To the American Worker: "I have written a poem to commemorate your sacrifice called 'Poem for the American Worker.' Arise! / Ye sinewy titans of the rivet-strewn factory floor! / Arise, and accept your present circumstances. // Ye whose bulging backs bear the ballast of the American Dream, / Unite until it is no longer convenient. // Raise thy fist to the skies / Then lower it / Then raise it again, / In a smooth continuous motion. // And shake loose thy chains! / But only if thou workst in a chain factory / Which you probably don't. // For yea, brothers / Only together can we maintain or increase our daily productivity."
On the State of the Union Address: "I've just got to hear it. The State of the Union Address is my Super Bowl, March Madness, and World Ice Dancing Championship rolled into one."
On the Academy Awards: "I think there should be a new rule for the acting categories. If you change your appearance and put on more than ten pounds of prosthetics, you're automatically rewarded with a nomination. That goes for Jim Carrey in 'The Grinch,' Mike Myers in 'The Cat in the Hat,' and Steven Seagal in 'Black Dawn.'"
On Alito's confirmation: "After a contentious debate on the Senate floor and months of fiery rhetoric, Samuel Alito was confirmed to the Supreme Court today. All you need to know? Stock up on Trojans."
On Nightline's use of 'truthiness': "You know what was missing from that piece? Me. Stephen Colbert. But I'm not surprised. Nightline's on opposite me over on ABC. Same timeslot. We destroy them in the ratings -- I don't have numbers to support that, I just feel that it's true. So they play dirty, stealing content from my show."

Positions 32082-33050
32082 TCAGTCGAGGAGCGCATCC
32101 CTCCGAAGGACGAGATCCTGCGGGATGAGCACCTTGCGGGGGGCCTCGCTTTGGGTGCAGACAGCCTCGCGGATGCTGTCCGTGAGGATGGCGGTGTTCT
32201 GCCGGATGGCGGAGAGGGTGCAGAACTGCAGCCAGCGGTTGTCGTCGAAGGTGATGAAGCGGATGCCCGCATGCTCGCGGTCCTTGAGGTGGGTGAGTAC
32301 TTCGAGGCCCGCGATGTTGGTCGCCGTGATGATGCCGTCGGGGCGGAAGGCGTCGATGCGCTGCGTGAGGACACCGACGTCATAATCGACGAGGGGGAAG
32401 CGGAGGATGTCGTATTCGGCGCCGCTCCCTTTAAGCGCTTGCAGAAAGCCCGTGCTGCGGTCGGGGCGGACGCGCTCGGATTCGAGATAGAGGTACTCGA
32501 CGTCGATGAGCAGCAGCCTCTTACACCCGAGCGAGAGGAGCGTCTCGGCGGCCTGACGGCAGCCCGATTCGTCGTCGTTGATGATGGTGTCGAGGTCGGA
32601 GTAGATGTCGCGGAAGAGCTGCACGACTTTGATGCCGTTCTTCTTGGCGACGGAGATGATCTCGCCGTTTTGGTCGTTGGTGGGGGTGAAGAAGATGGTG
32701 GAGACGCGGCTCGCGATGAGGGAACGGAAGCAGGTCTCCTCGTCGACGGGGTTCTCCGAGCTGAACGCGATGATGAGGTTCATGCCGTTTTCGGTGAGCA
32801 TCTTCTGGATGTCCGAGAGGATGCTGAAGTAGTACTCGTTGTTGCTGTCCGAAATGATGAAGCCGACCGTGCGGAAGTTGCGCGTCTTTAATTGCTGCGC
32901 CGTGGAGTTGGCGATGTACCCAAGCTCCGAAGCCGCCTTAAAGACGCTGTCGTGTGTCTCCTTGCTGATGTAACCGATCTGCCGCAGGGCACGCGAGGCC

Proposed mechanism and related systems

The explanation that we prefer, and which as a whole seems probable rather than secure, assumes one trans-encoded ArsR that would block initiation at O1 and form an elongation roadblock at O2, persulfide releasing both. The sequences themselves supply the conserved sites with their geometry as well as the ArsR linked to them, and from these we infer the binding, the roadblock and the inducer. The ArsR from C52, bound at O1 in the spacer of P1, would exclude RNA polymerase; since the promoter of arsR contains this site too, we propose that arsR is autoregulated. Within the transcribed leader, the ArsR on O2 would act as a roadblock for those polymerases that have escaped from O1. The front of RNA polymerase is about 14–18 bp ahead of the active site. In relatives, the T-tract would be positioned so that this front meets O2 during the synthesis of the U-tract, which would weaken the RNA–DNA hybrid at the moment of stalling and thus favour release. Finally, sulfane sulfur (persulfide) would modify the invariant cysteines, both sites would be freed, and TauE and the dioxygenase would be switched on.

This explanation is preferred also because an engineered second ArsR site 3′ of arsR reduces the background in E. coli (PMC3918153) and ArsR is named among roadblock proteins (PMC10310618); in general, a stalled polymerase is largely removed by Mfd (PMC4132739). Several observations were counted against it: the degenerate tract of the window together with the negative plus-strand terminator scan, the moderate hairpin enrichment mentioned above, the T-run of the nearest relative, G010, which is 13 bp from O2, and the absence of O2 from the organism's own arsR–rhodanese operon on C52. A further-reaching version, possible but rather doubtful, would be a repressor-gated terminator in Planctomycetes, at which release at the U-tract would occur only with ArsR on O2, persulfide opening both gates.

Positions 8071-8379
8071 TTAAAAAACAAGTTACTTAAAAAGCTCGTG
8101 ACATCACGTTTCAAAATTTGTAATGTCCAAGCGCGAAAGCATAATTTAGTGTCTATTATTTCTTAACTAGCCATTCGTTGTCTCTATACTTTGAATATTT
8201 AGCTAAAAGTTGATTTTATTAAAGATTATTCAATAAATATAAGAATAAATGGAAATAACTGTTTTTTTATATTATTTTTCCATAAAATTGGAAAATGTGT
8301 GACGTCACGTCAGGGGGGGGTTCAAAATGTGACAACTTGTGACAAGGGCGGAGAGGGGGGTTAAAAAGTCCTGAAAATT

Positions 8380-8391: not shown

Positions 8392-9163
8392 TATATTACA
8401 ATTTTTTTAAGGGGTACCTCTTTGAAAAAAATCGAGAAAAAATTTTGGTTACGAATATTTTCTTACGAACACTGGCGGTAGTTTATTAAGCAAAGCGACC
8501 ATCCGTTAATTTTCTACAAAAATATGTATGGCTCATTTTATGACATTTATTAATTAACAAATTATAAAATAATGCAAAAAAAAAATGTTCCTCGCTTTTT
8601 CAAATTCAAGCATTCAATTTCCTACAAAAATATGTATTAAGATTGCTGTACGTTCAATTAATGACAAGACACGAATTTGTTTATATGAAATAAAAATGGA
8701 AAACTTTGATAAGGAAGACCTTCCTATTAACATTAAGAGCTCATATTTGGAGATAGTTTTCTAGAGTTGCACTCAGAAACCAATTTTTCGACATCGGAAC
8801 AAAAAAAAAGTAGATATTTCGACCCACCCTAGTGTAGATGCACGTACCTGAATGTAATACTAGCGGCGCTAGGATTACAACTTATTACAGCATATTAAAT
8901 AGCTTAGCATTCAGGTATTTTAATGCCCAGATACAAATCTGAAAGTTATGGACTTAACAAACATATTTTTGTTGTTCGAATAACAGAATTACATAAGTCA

On James Frey: "I respect him for making up his past. Shows character. Too many people just let their past happen to them. It's part of the culture of victimization -- 'Oooh, I had no control over the circumstances of my birth.' But when you decide to have had a difficult childhood, that -- that is really owning your past."
On crocodiles' two-legged ancestor: "Well, Darwin-lutionists, looks like that blows another hole in your evolution theory. I thought everything was supposed to evolve from apes. Now you're saying things evolved from crocodiles? Which is it?!"
On Alberto Gonzalez's claim that every president has authorized wiretapping: "Those are precious state secrets! Nobody's supposed to know about George Washington's covert electronic surveillance program. Shhhh! I just pray he doesn't start yakking about the secret cryochamber that General Grant stored Lincoln in. We will find a cure for 'shot in head.'"
On a pressing issue: "I was looking at Time Magazine the other day. I don't read Time usually, just 'Man of the Year' and the annual 'Was Jesus Real' issue. But this caught my eye: 'Is America Flunking Science?' Well of course we are, now. Of course, back in the 80s, teenagers were actually using computers to create women in their bedrooms."
On Pennsylvania's Second District: "There's also the Philadelphia Museum of Art, whose stairs were made famous in the movie 'Rocky.' The museum displayed a commemorative statue of Rocky until it was removed in 1990. Unlike those in charge of the actual movie franchise, the Philadelphia Museum of Art knew when to quit."Posted by dirt at February 10, 2006 12:42 PM